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Google sends text via RCS (Apple's rival)

by July 23, 2020No Comments

The mobile industry is excited about RCS, the smart replacement for the 25-year-old SMS. But the industry has been here before, Alan Burkitt-Gray warns, and there are still details to be worked out, such as the business model and whether Apple will join.

Google has kicked off the mobile industry's latest attempt to build a successor to SMS text messaging and, more importantly for mobile carriers, a rival to Apple's iMessage, as well as Facebook Messenger, Snapchat, WeChat. WhatsApp and the rest: mobile services the industry still thinks of depriving them of their income and their customers.

The problem is that people in the messaging industry are still not clear on the revenue model for the so-called Rich Communications Service (RCS), which is expected to launch in 2018.

Some believe RCS will be best for person-to-person (P2P) messaging; others say its strength will be in person-to-person (A2P) messaging. Some argue it will be an alternative to the mobile web, looking for local pizzerias or buying tickets. Others hope it will become the new medium for mobile payments. It is usually free to receive SMS messages, but no one is sure that the same applies to RCS. This is a clue, if you ever needed it, that there is no clearly developed business model yet. Dean Bubley, a notoriously cynical commentator on Disruptive Analysis, tells Capacity: "He's putting the chariot in front of the horse."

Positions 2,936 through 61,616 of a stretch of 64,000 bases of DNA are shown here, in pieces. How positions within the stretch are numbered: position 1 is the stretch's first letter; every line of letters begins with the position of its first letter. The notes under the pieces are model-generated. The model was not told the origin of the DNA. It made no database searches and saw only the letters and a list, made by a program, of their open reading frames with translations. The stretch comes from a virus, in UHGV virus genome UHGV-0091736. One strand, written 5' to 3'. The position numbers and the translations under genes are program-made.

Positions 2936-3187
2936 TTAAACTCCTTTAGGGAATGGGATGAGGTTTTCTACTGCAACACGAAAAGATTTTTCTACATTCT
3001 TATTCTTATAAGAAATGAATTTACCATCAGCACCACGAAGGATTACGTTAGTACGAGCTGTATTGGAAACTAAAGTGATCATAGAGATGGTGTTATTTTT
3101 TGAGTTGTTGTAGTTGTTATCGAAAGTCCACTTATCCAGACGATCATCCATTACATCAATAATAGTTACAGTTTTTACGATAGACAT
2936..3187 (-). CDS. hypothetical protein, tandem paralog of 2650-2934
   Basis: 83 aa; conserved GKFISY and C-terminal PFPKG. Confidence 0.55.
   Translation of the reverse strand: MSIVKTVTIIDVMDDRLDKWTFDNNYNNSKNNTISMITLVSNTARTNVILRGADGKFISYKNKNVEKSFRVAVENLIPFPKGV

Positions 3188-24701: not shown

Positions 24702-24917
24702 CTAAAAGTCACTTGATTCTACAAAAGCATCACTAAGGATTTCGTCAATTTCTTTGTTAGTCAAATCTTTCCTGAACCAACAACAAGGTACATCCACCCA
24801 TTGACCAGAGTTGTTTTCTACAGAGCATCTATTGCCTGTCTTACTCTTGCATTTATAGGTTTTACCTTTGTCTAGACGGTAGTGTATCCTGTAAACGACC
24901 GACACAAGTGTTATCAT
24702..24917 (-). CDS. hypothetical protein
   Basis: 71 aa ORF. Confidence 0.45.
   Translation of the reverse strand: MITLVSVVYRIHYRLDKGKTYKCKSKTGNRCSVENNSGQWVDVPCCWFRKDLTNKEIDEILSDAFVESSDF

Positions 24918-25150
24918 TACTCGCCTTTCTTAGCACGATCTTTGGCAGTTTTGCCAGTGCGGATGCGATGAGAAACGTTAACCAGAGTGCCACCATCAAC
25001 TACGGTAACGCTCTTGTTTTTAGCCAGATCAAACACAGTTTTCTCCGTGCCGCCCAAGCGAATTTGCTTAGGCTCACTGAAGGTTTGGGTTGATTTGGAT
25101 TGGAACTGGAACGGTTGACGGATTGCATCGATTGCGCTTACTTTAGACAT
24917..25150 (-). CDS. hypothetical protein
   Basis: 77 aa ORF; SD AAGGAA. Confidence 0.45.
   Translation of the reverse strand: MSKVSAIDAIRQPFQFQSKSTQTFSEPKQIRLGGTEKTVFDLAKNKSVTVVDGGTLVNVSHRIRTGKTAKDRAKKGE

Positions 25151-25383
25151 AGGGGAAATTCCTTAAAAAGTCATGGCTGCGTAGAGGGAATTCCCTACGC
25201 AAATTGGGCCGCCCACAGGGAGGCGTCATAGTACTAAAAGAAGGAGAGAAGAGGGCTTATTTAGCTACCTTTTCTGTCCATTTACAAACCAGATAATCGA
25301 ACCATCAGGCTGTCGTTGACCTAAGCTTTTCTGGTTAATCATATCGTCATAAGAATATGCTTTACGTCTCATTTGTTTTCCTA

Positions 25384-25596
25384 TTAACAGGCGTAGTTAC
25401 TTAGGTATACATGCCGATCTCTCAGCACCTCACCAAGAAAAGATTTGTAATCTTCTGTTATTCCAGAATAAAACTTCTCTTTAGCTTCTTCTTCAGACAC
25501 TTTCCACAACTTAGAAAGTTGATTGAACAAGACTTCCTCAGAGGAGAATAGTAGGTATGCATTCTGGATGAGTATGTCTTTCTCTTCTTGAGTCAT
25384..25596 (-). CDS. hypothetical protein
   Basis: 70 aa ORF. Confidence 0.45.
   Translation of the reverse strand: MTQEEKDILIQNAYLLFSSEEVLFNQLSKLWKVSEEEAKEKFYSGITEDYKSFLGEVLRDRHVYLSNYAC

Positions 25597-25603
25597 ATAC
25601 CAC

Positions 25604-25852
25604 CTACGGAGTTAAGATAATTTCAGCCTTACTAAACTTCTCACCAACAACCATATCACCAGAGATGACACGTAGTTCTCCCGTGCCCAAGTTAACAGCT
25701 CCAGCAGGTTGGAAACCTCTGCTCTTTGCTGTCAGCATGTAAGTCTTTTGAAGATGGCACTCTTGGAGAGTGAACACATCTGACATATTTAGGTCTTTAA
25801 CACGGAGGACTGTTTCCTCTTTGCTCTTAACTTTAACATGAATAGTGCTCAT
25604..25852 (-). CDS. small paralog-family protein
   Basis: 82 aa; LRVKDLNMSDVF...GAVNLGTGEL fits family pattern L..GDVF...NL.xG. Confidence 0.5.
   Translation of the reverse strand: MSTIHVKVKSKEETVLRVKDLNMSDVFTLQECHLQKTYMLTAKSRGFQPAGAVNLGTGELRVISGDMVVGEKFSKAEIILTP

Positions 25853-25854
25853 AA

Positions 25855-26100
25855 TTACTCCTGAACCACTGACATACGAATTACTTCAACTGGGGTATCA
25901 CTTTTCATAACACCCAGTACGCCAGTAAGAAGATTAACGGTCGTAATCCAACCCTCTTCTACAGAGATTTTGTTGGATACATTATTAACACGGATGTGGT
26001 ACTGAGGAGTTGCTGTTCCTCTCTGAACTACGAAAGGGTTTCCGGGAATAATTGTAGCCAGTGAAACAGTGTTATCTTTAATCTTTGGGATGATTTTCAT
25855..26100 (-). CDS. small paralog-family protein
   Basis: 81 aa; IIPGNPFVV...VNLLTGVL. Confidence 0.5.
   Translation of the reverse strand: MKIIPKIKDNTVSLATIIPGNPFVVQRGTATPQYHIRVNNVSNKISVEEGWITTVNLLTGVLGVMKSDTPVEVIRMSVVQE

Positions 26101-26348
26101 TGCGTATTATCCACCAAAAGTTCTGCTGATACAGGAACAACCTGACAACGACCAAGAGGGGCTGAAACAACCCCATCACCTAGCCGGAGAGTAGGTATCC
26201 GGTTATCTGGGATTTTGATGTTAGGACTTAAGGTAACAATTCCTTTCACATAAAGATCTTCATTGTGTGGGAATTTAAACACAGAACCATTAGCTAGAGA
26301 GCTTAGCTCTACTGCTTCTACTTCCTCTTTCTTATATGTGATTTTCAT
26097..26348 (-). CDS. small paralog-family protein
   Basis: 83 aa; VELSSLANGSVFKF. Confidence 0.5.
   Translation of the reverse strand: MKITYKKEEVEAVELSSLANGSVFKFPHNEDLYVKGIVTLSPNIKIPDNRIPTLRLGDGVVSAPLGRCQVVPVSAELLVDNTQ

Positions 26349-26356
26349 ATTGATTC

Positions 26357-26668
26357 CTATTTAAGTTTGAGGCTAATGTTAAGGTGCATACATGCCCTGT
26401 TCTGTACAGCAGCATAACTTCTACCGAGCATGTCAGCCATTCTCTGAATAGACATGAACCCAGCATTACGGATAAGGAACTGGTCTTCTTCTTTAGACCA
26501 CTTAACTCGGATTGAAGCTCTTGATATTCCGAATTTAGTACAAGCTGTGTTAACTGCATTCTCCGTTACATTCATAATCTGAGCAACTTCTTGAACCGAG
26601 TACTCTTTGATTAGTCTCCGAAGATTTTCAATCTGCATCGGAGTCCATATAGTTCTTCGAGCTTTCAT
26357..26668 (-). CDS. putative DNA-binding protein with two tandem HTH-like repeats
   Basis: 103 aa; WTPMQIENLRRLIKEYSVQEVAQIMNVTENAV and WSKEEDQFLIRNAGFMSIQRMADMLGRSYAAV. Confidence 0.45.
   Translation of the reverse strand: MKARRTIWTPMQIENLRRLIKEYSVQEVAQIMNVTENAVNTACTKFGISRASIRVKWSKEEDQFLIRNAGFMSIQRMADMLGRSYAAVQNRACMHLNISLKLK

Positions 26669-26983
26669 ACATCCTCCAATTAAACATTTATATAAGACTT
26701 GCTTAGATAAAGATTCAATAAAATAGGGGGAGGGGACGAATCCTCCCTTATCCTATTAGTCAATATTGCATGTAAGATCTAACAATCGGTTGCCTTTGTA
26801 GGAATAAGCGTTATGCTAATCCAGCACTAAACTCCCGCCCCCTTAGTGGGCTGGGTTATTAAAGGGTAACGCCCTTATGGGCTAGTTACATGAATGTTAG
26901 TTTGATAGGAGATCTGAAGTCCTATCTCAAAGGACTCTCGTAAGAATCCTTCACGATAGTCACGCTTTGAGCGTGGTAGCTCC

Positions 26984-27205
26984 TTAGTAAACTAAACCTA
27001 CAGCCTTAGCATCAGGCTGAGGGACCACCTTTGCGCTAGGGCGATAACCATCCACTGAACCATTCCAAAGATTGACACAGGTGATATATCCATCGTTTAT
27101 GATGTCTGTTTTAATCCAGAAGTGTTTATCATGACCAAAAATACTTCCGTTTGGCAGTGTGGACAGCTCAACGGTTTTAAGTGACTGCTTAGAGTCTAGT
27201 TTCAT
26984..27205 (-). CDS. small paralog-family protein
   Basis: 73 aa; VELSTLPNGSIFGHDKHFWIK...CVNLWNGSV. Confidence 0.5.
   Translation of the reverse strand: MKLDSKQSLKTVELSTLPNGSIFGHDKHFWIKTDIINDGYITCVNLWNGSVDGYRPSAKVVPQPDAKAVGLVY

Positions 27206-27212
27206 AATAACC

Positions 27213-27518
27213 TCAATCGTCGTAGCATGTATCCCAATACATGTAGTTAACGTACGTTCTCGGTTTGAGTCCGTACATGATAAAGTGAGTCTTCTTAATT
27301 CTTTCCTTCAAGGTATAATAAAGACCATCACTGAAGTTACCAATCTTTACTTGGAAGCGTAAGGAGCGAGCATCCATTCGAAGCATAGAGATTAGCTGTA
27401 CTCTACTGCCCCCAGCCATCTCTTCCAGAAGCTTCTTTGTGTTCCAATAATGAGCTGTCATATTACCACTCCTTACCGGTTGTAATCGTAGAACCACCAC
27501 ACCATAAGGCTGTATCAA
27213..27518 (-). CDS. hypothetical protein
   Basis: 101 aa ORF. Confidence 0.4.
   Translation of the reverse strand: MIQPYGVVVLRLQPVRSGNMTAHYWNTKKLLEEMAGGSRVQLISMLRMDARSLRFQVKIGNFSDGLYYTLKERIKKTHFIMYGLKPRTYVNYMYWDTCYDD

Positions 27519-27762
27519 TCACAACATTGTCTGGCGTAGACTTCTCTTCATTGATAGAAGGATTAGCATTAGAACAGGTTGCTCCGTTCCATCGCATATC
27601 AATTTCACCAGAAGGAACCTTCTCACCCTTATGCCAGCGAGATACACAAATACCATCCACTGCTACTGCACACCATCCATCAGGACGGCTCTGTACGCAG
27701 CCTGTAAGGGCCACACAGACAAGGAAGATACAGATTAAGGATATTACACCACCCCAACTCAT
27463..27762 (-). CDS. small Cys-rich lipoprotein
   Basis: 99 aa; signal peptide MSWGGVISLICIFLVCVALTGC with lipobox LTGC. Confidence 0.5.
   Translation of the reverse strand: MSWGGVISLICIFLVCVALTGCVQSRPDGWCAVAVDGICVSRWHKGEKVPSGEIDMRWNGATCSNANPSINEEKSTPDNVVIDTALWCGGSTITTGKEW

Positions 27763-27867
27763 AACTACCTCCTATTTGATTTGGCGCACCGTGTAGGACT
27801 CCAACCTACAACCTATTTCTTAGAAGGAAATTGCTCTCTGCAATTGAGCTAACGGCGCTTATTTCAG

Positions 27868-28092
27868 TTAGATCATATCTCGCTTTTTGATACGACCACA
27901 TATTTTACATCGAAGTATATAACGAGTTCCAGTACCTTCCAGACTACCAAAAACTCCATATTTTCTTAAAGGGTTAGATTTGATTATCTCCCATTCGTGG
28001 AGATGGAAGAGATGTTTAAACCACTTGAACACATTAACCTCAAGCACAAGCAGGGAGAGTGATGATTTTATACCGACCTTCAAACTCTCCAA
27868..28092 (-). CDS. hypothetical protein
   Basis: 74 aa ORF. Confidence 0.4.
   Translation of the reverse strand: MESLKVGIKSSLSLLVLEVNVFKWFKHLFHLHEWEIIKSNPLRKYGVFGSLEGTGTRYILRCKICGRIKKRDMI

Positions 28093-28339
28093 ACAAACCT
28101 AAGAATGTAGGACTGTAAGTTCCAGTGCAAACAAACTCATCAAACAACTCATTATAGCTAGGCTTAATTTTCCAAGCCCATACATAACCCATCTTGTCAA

I phoned Bubley after posting on LinkedIn a list of reasons why she was happy not to go to the Mobile World Congress (MWC) this year in Barcelona. "What, RCS zombies again?" he wrote.

Which “again” refers to RCS's latest release at MWC, in February 2013, when GSMA, the trade association running the event, launched it under the name of Joyn, hoping it would go global.

Soon Orange in France had Joyn, but I checked in August 2013 and he was still shunned by the three rival French operators. In Germany Deutsche Telekom and Vodafone had adopted Joyn in August, but not O2 or E-Plus, then owned by KPN. There was better news from Spain, where Telefónica's Orange, Vodafone and Movistar offered Joyn, and from South Korea, where KT, LG U + and SK Telecom were all thrilled.